In stark contrast, Obama is fighting any congressional tinkering with Obamacare for fear that the unpopular law will be gutted. So there will be no legislative immunity for the health-insurance companies ­ which means there will be no meaningful immunity, period.

Obama is a charlatan, but not a stupid one. He knows what he did on Thursday was a legal charade. His "waivers" are no more about law than Obamacare is about delivering quality health care. Thursday was a performance contrived to set the insurance companies up. With Americans boiling over coverage cancellations, Obama publicly called on the insurers to offer policies that he well knows his own law makes illegal and that his "waiver" is powerless to legitimize. He desperately hopes Americans will be gulled into blaming the insurance companies for the catastrophe he has wrought.

He would have gotten away with it a year ago. He won't get away with it now.

http://www.nationalreview.com/article/364117/lawlessness-fix-andrew-c-mccarthy

The Icon of Truth-Telling ...


The Icon of Truth-Telling ...
Butler Shaffer

Bill Clinton, has advised President Obama to tell the truth to the people about insurance coverage (or lack thereof). The network news-babblers who report this must either have either a tremendous sense of humor, or blockheadedness, to be able to pass this on to us with a straight face. "Tell the truth?" In the words of that great stand-up philosopher, the late George Carlin, the entire political structure would collapse if truth-telling really caught on.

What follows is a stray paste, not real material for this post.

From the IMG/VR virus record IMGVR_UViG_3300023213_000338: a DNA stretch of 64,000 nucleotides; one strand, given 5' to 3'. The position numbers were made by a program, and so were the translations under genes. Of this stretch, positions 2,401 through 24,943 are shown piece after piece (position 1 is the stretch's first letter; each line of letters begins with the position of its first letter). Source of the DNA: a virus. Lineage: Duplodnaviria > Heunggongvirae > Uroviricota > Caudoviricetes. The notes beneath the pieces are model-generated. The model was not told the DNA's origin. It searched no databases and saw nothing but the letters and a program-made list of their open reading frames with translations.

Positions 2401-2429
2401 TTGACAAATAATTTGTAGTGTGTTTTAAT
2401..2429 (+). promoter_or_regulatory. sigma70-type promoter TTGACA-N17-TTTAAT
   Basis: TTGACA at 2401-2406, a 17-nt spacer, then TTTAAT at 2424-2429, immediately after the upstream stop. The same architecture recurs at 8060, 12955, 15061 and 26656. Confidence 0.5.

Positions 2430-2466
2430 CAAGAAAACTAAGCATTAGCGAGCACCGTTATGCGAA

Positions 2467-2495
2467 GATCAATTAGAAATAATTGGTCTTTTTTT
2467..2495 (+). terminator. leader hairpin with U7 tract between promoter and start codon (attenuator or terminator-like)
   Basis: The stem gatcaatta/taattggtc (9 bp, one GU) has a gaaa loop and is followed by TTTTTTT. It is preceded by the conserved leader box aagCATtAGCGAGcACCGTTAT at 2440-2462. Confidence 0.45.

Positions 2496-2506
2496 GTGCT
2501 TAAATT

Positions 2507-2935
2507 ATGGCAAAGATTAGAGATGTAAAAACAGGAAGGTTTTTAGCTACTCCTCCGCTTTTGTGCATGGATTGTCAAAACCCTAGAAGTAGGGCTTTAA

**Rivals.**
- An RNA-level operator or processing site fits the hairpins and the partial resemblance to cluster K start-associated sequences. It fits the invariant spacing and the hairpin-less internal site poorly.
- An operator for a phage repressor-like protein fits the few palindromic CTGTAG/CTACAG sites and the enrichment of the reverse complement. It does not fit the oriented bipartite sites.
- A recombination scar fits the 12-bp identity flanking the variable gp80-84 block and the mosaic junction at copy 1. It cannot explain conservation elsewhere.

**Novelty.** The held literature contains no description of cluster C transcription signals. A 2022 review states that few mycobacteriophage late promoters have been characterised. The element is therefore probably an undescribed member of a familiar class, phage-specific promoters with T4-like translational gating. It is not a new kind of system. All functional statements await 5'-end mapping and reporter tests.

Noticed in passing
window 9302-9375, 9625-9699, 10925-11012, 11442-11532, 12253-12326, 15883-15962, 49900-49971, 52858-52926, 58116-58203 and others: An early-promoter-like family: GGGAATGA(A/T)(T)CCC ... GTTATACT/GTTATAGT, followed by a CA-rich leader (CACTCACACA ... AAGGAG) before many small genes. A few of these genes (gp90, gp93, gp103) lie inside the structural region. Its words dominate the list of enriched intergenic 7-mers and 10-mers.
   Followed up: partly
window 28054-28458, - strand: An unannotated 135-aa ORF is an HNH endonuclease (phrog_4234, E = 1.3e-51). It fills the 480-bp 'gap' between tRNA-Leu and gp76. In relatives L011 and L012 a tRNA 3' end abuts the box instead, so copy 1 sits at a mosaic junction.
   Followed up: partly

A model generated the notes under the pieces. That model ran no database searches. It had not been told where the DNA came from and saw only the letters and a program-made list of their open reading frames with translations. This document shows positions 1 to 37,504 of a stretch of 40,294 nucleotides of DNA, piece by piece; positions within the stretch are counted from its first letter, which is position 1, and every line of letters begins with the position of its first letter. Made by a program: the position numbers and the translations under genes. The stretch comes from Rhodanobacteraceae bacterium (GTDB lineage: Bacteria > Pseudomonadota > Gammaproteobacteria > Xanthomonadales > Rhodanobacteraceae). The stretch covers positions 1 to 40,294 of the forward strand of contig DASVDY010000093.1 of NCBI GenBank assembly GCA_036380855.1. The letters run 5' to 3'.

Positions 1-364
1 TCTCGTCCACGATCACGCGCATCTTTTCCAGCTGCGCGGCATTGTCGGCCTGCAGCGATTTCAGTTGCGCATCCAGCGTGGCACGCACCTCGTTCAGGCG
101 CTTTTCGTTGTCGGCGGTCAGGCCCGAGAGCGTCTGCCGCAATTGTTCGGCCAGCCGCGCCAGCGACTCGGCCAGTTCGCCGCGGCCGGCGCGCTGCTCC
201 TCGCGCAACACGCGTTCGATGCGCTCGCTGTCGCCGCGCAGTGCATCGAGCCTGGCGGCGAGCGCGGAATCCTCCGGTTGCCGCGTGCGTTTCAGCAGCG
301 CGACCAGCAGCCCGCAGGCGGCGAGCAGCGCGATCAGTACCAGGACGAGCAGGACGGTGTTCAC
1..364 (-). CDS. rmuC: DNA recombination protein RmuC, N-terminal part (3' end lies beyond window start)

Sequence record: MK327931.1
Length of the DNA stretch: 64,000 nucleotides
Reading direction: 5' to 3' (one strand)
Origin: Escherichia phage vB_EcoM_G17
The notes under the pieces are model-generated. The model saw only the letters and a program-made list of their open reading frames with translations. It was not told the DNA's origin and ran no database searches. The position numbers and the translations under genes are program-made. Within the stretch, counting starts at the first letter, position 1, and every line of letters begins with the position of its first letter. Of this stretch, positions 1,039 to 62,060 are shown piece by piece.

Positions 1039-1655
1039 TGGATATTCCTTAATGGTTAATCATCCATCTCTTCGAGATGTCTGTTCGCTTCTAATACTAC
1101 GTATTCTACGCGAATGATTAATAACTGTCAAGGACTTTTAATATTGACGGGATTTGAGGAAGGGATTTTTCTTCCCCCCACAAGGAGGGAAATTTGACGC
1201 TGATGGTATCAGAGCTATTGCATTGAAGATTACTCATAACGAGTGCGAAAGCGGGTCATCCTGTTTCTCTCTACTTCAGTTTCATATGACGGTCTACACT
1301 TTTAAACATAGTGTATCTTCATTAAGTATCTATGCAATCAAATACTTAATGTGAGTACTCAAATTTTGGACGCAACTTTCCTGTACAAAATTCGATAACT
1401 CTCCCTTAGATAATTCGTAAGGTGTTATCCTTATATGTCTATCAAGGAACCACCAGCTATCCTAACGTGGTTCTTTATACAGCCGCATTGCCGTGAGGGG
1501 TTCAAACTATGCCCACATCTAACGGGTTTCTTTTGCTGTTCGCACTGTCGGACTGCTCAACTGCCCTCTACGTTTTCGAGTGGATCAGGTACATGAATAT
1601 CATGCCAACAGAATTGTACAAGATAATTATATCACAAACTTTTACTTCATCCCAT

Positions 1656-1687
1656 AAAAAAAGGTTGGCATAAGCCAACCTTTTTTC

Veterans Day


Veterans Day
From Another Angle
Fred Reed
November 11, 2013

Note: WHile I try to read all email and answer what I can, and find almost all of it interesting and thoughtful, I get swamped. Nobody likes being ignored, and I don't like doing it, but sometimes it isn't avoidable. Apologies.

As I write, it is Veterans Day. Coincidentally last night, November tenth, the annual Marine Corps birthday party took place  at the Tratoria, a local Italian restaurant. I hadn´t gone before, not being much of a joiner, but went this time with Vi and Natalia. The assembled were nice people, well along in years, as am I. There were good food, patriotic speeches, and a birthday cake. We sang the Marine Corps Hymn, though "from the halls of Montezuma" was perhaps not a high point of diplomatic appropriateness in Mexico.

A camaraderie exists among Marines, into which I fit oddly. It starts with boot camp at Parris Island or, for the Hollywood Marines, at the recruit depot in San Diego. Men remember it because it was hard, demanding, a rite of passage to manhood. I understand that boot has been watered down as the country moves toward the goal of a non-violent Marine Corps, but in the Sixties it hadn´t been. If you got through it, you had done something, and you knew it. Those who hadn´t were an inferior species. We remember it with fondness, and a bond.

And then for Marines there are the wars, which we always have. I don´t know why. For most at the Tratoria, it was I suppose Southeast Asia. We had talk of sacrifice and duty. There is a romance to war that has called to men since well before the days of Marcus Aurelius wintering on the Rhine-Danube line, when Rome, not America, was Rome. War is another bond.

For me it was lying in the tropical night of Danang on top of a sand-bagged amtrac, LVT P5, big engine growling  at the idle, star shells flickering high and trailing white smoke that looked almost solid, rifle in hand, occasional spent bullets from the valley below zzzzzzzzzzzzzz! overhead. It was a time for men, of big events, away from the sorry life we would mostly retune to of offices and soft pogues for bosses.